• Merin PorterMerin Porter Editorial Director Southwest Colorado (Zone 6a)Posts: 670 admin

    This is SUCH a fantastic idea -- thank you so much! (And yes, I could probably be talked into eating the cookies.... :D )

  • karenjanickikarenjanicki Posts: 208 ✭✭✭

    I have made those too :). So easy and convenient. I think you can also use the wax from candles as they melt. The first time I remember making them when in girl scouts. I also use cottonballs dipped in vicks vapor rub or any generic brand of it. They smush down well in the little tin I keep in my backpack.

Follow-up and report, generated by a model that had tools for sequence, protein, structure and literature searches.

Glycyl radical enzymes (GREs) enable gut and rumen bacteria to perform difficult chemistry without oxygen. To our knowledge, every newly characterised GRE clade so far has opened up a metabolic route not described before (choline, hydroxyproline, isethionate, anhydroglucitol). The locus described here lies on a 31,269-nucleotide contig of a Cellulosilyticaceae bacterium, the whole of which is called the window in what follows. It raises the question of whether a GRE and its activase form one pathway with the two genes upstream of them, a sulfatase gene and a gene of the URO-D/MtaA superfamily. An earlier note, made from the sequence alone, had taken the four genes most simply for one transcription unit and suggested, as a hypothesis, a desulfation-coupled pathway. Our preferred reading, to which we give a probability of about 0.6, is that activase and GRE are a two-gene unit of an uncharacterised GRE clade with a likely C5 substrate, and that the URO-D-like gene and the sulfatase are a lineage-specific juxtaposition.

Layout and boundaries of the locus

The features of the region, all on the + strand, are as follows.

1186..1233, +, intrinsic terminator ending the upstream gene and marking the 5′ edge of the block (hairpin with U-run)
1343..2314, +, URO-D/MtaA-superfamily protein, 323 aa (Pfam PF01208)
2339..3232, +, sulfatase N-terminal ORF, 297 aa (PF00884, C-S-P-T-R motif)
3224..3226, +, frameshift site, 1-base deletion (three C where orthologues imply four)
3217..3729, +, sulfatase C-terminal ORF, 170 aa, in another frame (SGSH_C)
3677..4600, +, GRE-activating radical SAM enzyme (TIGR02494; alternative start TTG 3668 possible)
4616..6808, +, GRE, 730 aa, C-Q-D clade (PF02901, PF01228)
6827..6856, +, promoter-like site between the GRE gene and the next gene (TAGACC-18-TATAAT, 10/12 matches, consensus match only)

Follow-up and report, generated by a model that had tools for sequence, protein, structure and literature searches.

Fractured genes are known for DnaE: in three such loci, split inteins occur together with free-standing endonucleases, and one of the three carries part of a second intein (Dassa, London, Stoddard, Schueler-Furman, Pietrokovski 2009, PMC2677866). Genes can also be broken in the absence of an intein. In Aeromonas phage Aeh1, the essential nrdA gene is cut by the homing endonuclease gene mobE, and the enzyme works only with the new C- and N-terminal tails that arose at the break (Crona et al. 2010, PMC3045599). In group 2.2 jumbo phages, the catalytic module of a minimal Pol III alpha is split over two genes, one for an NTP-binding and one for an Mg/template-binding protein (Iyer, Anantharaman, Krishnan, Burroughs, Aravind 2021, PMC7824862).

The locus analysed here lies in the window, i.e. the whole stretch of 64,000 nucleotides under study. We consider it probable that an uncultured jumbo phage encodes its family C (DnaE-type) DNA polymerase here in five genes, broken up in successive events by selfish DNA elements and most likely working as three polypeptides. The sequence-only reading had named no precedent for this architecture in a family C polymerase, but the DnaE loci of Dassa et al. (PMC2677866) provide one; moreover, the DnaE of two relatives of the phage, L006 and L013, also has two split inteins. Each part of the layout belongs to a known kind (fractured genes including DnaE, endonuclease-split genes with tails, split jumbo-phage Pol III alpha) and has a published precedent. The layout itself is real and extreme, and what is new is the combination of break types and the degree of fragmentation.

• karenjanickikarenjanicki Posts: 208 ✭✭✭

    I never thought of using hair but that's brilliant and convenient. By the end of the week I have enough in my brush to make a mini cousin it haha

  • SydartaSydarta Posts: 24 ✭✭✭

    Also recycling, but in a different form:

    Another name for chaga mushroom is the tinder polypore, so after the chunks are spent from making tea, I re-dry them to use as fire-starters. They are very portable, being as dry and light as cork, and seem to keep an ember a long time.

    Chaga is difficult to find and expensive to purchase, so a second use is ideal!

  • AngelAngel Posts: 45 ✭✭✭

    When I was a kid, the girl scouts started fires with gumballs (from the gum tree) dipped in wax. They worked really well. I've thought about trying them out as an adult, but haven't yet.

  • BrindyBrindy Posts: 38 ✭✭✭